Sam Wordsworth QC, together with Paul Tan of Rajah and Tann, acted for the Kingdom of Lesotho in the first ever application in Singapore for an investor-State arbitral award on the merits to be set aside. The decision engaged wide-reaching issues on international law and also Singapore’s international arbitration law that had yet to be considered by the Singapore courts.
The defendants in the challenge proceedings had claimed that their investments in the Kingdom of Lesotho had been unlawfully expropriated, and launched a claim before the Southern African Development Community (“SADC”) Tribunal. However, the tribunal was subsequently shut down, and the defendants brought a claim before an investment treaty tribunal administered by the Permanent Court of Arbitration (“PCA”) that the Kingdom had breached its obligations under the SADC Treaty and Annex 1 of the SADC Protocol on Finance and Investment by contributing to the shutting down of the SADC tribunal.
The PCA Tribunal found in favour of the defendants and granted an award directing, by way of the appropriate remedy, that the parties constitute a new tribunal to hear the expropriation claim.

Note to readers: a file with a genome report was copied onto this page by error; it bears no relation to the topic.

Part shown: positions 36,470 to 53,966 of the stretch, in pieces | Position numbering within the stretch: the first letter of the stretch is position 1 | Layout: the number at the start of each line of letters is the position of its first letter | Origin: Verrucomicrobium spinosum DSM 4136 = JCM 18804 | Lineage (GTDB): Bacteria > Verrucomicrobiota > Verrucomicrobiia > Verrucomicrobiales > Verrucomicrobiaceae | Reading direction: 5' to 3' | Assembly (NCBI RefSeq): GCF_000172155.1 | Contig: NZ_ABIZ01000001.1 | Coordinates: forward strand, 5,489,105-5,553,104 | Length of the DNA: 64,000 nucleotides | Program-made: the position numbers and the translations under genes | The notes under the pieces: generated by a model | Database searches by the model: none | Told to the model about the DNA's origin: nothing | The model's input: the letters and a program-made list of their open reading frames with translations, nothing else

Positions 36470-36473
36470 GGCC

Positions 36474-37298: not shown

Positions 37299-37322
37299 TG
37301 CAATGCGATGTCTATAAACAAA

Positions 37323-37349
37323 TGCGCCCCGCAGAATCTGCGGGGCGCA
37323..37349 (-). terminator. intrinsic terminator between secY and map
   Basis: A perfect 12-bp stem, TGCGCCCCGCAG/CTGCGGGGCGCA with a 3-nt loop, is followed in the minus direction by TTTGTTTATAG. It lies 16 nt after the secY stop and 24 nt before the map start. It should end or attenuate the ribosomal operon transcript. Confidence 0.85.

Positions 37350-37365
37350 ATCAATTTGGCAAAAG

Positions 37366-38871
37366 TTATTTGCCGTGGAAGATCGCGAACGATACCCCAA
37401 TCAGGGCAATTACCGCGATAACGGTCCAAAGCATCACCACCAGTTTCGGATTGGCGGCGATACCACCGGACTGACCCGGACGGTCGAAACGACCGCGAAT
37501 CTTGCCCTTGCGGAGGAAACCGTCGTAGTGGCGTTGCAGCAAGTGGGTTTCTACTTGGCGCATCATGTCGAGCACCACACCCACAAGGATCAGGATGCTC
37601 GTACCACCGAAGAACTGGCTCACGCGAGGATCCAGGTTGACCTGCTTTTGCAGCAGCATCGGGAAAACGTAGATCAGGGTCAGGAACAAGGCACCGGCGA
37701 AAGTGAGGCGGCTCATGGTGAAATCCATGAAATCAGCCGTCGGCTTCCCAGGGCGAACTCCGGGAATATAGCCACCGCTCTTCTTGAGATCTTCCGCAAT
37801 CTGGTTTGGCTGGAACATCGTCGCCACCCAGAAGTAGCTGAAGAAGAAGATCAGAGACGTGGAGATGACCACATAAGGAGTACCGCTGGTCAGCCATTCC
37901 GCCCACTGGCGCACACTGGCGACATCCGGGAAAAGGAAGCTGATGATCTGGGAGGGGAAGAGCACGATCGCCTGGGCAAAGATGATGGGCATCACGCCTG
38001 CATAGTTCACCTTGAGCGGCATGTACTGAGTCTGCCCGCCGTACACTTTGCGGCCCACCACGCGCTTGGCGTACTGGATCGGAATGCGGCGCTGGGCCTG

The Kingdom sought to have the Award set aside on the basis that the PCA Tribunal lacked jurisdiction or that the Award exceeded the scope of the submission to arbitration.
The Singapore High Court granted the Kingdom’s application, setting aside the Award in its entirety in exercise of its power of set aside under Article 34(2) of the UNCITRAL Model Law (applicable by virtue of Singapore’s International Arbitration Act).
Much of the decision rested on the Court’s reading of Annex 1 of the SADC Protocol. Notably, Article 28(1) of Annex 1 provided that disputes “between an investor and a State Party concerning an obligation of the latter in relation to an admitted investment of the former, which have not been amicably settled, and after exhausting local remedies shall… be submitted to international arbitration”.
The Kingdom’s challenge to the jurisdiction of the PCA Tribunal was based on a number of grounds, including that:
(i) The right to submit disputes to the SADC Tribunal was not an “investment” under Article 28(1) of Annex 1, nor was it “admitted”;
(ii) The dispute over shutting down the SADC Tribunal did not concern any obligation of the Kingdom in relation to the purported investment;
(iii) The defendants failed to exhaust local remedies; and
(iv) The Protocol did not protect the investments of domestic investors.
The challenge was successful in relation to each of the above.